The chandelier was the first thing he noticed. It was made of blown glass featuring various colours with tiny tie-dye shades stuck on each bulb. It was tacky as hell.
“I’ll buy something!”
The woman dressed all in black was amused, “a trick or a treasure?”
“I don’t care. Whatever you want!”
She surveyed the glorious young man before her, dissecting him with her eyes. She licked her lips and cocked her head. “In the back. Watch for Millie on your way.”
“Who’s that!?” Tony asked, dancing in place.
“My cat,” she said, adjusting one of the many ankle length skirts she wore. The layers covered wide hips. A black sweater over a black blouse did little to hide a huge bosom. A black mole was painted on her face with mascara. It was placed strategically next to her sharp nose. He turned from her, scanning the wares. Her treasures were more like trinkets from a dusty old antique shop; knickknacks from a different era were stacked haphazardly in the small space. It was useless junk, reminiscent of an old person’s garage sale. Clothing turned on their spiral rack, as he quickly made his way past. The sound of a cat screeching made the hairs on his arms stand on end.
He cursed quietly, found the bathroom, and locked himself inside. The bulb emitted a dark red hue. It was tiny; the size of a broom closet. An African mask was hung on the back of the door. It’s eyes were hollow. Black strings of scraggly hair covered the red and black markings on the face. He urinated quickly, flushed, and rinsed his hands beneath the faucet. Splashing hot water on his face, he dried his hands by rubbing them on his coat and swiped his sleeve across his forehead and cheeks, to dry his face. The handle wouldn’t turn. He pulled on it and twisted it, but it wouldn’t budge.
“Just great,” he mumbled.
“Hey! Are you out there? Door’s stuck!” He pounded on the door with his fist.
“Hey!” The mask stared at him; something forbidden in the void of its eyes.
“Hey!!” He kicked at the door three times, intent on breaking it down if she didn’t come soon. He tried the doorknob again and it turned seamlessly beneath his fingers. He opened it, expecting her to be standing in front of him, but the short hallway was empty. Celtic music replaced the silence. The smell of incense made him gag, just as it did when he was a kid and the priest walked by with his religious relic meant to cleanse or bless. His mother would pinch his hand in warning. She would whisper to him to behave and told him sternly, “you are making Jesus cry, Antonio.”
The store was empty. He walked along the length of the wall. A porcelain baby doll fell off the shelf; it’s dress, yellow with age, billowed like an open umbrella. He caught it, feeling a heartbeat in his palm, and it fell to the floor. The doll’s head split in two – between the eyes. Her tiny, heart-shaped mouth spoke from east to west. She sang a quiet narrative, seeking help. He ignored her like he did Becky Stevens in eleventh grade when she sheepishly asked him to dance with her. He kicked at the doll, silencing it. He walked slowly, and ran two fingers along the shelf, collecting years of grime and dust. A fly blocked his path, a survivor seeking refuge from the cold outside. He squished it between two fingers. Puss spewed from it. It jumped in a Wright Brothers fashion on to the shelf below, and licked its wounds. He looked up; frozen in place, reaching his fingers towards the impossible. The catcher’s mitt was pint-size. The brown leather was discoloured with age. The black threading was undone in some places. The script was unmistakable: Great Year, Tony. His hand trembled as if he were having a seizure. He reached for it like he did twenty-five years earlier, grinning with pride and trying not to wince from the pain in his knee that his mother would help soothe by stuffing him with chocolate pudding. He felt Coach Ainsley’s thick hand on his shoulder. His Scottish accent was as clear as day: “you’re my best catcher. Come back next year. Understand?” The memory was palpable, like a featurette.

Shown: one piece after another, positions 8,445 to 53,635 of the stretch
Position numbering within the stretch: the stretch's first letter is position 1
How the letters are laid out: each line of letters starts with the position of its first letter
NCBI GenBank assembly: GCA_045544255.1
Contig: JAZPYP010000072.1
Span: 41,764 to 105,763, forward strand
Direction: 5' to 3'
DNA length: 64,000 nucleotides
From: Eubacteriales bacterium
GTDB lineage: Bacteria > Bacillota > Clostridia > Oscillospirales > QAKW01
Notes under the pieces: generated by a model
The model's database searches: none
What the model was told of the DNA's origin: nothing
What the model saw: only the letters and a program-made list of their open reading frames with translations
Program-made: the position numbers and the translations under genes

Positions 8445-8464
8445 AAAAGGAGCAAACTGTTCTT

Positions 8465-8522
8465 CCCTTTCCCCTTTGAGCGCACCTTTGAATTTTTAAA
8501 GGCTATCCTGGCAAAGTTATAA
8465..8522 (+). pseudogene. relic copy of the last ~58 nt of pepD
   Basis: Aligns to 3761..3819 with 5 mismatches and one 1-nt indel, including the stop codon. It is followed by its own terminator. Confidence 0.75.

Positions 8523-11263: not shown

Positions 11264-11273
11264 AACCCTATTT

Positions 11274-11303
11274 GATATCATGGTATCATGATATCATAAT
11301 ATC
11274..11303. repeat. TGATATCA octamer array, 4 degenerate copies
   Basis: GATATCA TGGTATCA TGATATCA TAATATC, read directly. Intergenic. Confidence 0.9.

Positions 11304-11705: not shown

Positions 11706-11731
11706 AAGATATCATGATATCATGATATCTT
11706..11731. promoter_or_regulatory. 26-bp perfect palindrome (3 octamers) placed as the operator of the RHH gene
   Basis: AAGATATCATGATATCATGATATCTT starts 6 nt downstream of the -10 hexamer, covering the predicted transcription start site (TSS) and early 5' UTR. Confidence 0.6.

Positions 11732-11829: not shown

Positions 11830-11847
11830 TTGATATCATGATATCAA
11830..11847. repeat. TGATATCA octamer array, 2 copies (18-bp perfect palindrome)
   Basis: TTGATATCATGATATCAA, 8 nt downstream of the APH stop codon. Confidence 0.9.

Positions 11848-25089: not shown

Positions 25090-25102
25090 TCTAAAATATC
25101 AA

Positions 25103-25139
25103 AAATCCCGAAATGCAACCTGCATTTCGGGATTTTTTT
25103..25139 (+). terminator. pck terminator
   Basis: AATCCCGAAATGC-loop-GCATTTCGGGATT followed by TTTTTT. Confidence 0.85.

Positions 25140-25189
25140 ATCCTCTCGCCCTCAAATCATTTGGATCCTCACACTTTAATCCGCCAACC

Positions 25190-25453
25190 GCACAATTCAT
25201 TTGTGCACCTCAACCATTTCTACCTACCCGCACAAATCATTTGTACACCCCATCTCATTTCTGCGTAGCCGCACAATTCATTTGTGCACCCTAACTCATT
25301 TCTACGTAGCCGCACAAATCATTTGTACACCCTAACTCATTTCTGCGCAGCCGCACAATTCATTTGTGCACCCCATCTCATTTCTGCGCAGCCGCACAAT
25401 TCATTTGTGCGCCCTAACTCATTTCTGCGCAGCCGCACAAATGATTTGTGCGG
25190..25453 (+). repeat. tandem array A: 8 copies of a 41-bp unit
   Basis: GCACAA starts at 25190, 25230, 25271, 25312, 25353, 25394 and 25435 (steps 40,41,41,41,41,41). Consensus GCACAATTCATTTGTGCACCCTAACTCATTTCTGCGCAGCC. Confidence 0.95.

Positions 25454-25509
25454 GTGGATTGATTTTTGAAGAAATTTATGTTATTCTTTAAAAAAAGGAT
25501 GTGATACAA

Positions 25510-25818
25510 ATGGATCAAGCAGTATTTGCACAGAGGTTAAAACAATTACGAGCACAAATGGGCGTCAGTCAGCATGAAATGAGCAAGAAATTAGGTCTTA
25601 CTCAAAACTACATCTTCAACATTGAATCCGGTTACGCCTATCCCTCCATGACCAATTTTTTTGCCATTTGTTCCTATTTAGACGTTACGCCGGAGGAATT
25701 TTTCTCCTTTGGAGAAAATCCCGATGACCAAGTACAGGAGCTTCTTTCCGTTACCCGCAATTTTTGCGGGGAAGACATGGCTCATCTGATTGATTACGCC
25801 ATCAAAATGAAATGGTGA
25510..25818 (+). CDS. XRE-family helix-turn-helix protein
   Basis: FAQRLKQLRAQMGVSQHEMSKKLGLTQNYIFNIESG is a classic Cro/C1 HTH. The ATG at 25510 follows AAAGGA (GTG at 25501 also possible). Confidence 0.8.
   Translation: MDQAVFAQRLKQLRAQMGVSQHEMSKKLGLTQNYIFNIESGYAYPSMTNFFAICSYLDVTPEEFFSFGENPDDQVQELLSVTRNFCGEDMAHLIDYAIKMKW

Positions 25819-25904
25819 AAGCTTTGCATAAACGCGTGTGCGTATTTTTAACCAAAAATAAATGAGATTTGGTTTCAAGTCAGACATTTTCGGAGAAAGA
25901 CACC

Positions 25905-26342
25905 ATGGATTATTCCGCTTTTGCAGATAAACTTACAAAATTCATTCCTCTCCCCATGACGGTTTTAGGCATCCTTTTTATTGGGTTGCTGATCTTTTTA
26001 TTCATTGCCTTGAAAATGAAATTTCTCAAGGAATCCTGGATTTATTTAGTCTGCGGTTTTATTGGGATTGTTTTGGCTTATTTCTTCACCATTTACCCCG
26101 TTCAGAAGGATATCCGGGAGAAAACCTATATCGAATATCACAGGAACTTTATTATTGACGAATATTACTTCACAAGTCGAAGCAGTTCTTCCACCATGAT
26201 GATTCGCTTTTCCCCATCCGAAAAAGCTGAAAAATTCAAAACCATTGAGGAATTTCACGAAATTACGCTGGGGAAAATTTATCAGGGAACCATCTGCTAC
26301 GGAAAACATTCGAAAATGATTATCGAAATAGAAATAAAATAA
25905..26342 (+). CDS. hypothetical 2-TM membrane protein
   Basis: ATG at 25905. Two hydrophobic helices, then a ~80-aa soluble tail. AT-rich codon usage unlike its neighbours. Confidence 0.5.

“See something you like?”
He pulled his hand back and whipped his head towards the sound of her voice. She emerged from where she was crouched behind the front counter. She had shed her layers, one by one, and walked towards him wearing a black lace teddy and garters. Her folds of fat were undisguised. He lost his voice and stepped backwards causing the goods and wares and junk and child-hood mementos to crash to the floor. He ran past her, seeing her out of the corner of his eye as she pulled the strap of the teddy off her shoulder, exposing her breast; holding it towards him like a mother about to feed.
He sprinted past a diner, eyes focused on his truck, unaware that someone stood at the front window of the diner – fluttering her monstrous lashes at him. He struggled with his keys, forcing them, finally, into the lock. Inside the cab, he listened to his own breathing; dense and coded with questions. He rested his head on the steering wheel and locked his door by pounding at the mechanism with one fist. He looked up. It was a quarter to three in the morning.
He unlocked the door and jumped out of the cab. He walked swiftly to the booth, a smoke between his lips, puffing and puffing, finding solace in the action.
“Operator, how may I direct your call?”
“Collect. Ottawa, 756-9821.”
“Tony,” he said, clenching the receiver until his knuckles turned white.
“And what is the name of the person you are trying to reach?”
“Lisa, Cristo. Hurry, please.”
“No! Just Lisa!”
“One moment, sir.”
He waited, counting out the rings. Five, six, seven….
“I’m sorry, sir, but there is no answer. Please try again later.”
The dial tone pierced his eardrums. He felt a rush of heat flood his face. He turned his body, facing the outside world. He spoke into the handset; loudly, clearly, knowing that somehow, she would hear him.
“I love you.”